Many cases require medical evidence beyond that available from existing records in order to assure proper consideration of the applicant's benefit rights. To obtain this evidence, we have enlisted the assistance of the State agencies which work with us under special agreement in our regular disability program. These agencies are now very intensively engaged in arranging for necessary medical examinations in coal miners' claims involving primarily X-rays and pulmonary function studies as needed. These examinations are performed by qualified local physicians and medical facilities convenient to the applicant, and at no cost to him.

Of course, with the volume and concentration of these claims and the limitations on medical resources, securing the necessary medical evidence is posing a major challenge for some of these agencies and for the prompt handling of claims. We have been working very closely with the State agencies with major work loads to enlarge the avail ability of medical resources in their areas, and we have also deployed technical and specialist claims staff from our headquarters disability operation at key points throughout the States to reinforce this all-out effort to expedite these claims.

While we are providing every assistance we can to applicants in establishing their entitlement to these new benefits, a very substantial number of claims can be expected to be denied because we will find that one or more requirements of the law are not met. But denied applicants have a right to challenge the decision, as do applicants for social security benefits. They may request administrative reconsideration and, if still dissatisfied, may ask for a hearing before a hearing examiner. There are also further appeal rights to the appeals council and to the Federal courts.

As we notify individuals of the disallowance of their claims and many of them exercise their right to request reconsideration, we can expect a substantial workload to develop for us in taking the necessary action to thoroughly reconsider and, in some cases, supplement the evidence in their claim and make a new decision in each appealed case.

Title IV of the act provides two basic benefits. First, benefits to coal miners totally disabled due to pneumoconiosis arising out of employ. ment in underground coal mines; and, two, benefits to widows of coal miners who died due to pneumoconiosis arising out of employment in an underground coal mine. It is immaterial how long ago the disability began, when the miner died, or the age of the miner or the widow.

At present, the basic benefit for miners and widows in $144.50 per month. Benefits are not paid directly to wives and children. However, the amount of the benefits payable to a miner or widow is increased where there are qualified dependents. The maximum amount per family is $288.90 per month.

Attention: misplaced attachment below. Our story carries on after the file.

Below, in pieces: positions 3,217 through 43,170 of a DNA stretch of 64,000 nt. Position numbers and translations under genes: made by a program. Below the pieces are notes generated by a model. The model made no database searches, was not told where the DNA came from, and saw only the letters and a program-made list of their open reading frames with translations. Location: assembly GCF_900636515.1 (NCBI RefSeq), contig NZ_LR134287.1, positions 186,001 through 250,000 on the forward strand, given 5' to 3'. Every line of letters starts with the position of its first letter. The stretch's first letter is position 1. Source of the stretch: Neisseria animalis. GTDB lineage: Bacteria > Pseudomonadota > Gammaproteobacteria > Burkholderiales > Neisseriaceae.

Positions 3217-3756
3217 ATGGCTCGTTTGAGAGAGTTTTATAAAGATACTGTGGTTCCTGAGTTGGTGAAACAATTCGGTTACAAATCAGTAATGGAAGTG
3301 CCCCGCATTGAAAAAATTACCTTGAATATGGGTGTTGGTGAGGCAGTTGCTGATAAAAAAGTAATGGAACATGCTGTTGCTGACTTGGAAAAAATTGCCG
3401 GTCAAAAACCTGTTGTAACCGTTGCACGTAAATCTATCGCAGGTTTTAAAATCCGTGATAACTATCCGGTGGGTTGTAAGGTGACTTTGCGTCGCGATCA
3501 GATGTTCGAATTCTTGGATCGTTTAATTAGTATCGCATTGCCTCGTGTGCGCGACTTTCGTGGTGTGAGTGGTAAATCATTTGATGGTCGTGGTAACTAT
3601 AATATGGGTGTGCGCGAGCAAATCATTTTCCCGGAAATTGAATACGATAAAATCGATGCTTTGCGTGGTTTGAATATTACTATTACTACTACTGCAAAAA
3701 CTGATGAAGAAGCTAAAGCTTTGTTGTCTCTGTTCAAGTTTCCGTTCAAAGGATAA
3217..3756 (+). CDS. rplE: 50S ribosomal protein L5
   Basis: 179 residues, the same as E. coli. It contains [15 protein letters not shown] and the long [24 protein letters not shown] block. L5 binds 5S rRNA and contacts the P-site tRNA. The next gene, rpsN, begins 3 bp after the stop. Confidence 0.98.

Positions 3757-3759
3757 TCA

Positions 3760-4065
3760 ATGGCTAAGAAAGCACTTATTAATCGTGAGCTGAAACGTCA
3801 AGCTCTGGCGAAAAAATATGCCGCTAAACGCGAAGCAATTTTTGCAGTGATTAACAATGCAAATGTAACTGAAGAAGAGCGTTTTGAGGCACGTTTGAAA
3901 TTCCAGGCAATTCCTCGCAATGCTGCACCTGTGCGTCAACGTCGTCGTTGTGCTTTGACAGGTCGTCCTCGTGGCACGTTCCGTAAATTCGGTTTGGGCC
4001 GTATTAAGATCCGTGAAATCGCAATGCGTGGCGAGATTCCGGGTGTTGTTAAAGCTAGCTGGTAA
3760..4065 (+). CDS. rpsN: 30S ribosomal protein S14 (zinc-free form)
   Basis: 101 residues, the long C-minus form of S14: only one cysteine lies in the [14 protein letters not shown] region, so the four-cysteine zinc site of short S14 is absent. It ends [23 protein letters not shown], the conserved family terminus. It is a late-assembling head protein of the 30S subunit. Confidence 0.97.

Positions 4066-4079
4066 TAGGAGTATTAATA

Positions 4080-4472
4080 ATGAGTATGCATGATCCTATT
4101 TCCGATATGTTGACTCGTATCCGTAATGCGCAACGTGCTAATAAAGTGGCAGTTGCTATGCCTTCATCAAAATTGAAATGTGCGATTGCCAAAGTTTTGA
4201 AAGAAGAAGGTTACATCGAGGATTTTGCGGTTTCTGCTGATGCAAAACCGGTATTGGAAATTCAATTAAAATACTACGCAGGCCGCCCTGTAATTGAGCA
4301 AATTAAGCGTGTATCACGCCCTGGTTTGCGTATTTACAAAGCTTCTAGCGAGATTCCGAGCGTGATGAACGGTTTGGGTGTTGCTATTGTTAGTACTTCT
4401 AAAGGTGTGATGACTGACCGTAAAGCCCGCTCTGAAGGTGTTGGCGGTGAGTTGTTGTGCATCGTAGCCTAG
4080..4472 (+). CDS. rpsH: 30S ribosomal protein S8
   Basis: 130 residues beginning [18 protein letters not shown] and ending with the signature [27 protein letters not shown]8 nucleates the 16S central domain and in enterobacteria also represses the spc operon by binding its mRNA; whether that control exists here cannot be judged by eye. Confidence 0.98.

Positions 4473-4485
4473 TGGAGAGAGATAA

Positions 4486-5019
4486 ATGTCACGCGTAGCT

Since the basic benefit amounts are tied to the civil service benefits retirement levels, the benefit amount is increased as Federal salaries and retirement benefits are increased, and one such upward adjustment has already been made.

The payments to the 30,000 miners and widow's whose claims have already been approved include payments for additional 20,000 dependent wives and children, making a total of 50,000 beneficiaries thus far. The amount of cumulative benefits paid back to January 1970, now totals about $25 million.

It should be noted that our responsibility under this program is limited generally to claims filed through December 1972. For claims filed in 1970 and 1971, we will handle benefit payments as long as the beneficiary remains eligible during his or her lifetime. For claims filed in 1972, we handle them only to the end of that year. In 1973, administrative responsibility for new claims will shift to the Department of Labor and will be handled through workman's compensation agencies in States which have enacted appropriate legislation to provide comparable benefit payments.

It may be of interest to offer a comment on the difference in concepts underlying these coal workers' pneumoconiosis benefits and those provided under our regular disability program. Social security disability benefits are payable to insured workers who are disabled within the meaning of the law, regardless of the nature of the medically determinable impairment or disease that causes the disability and regardless of whether there was a causal connection with employment.

Under the Federal Coal Mine Health and Safety Act, benefits are payable to a miner who is totally disabled due to pneumoconiosis, provided the disease was caused by underground coal mine work. Thus, these two requirements-disability must be due to the specific disease, pneumoconiosis, and the requirement of causal connection with underground coal mine work—are quite different from anything in our regular program.

Fortunately, the problem of establishing causality is facilitated for us by the provision in the law which permits a presumption that pneumoconiosis was due to work in the mine when the miner worked 10 or more years in an underground mine. However, the problem remains if the applicant is disabled by pneumoconiosis and did not work in an underground coal mine for this length of time. On the basis of

« PreviousContinue »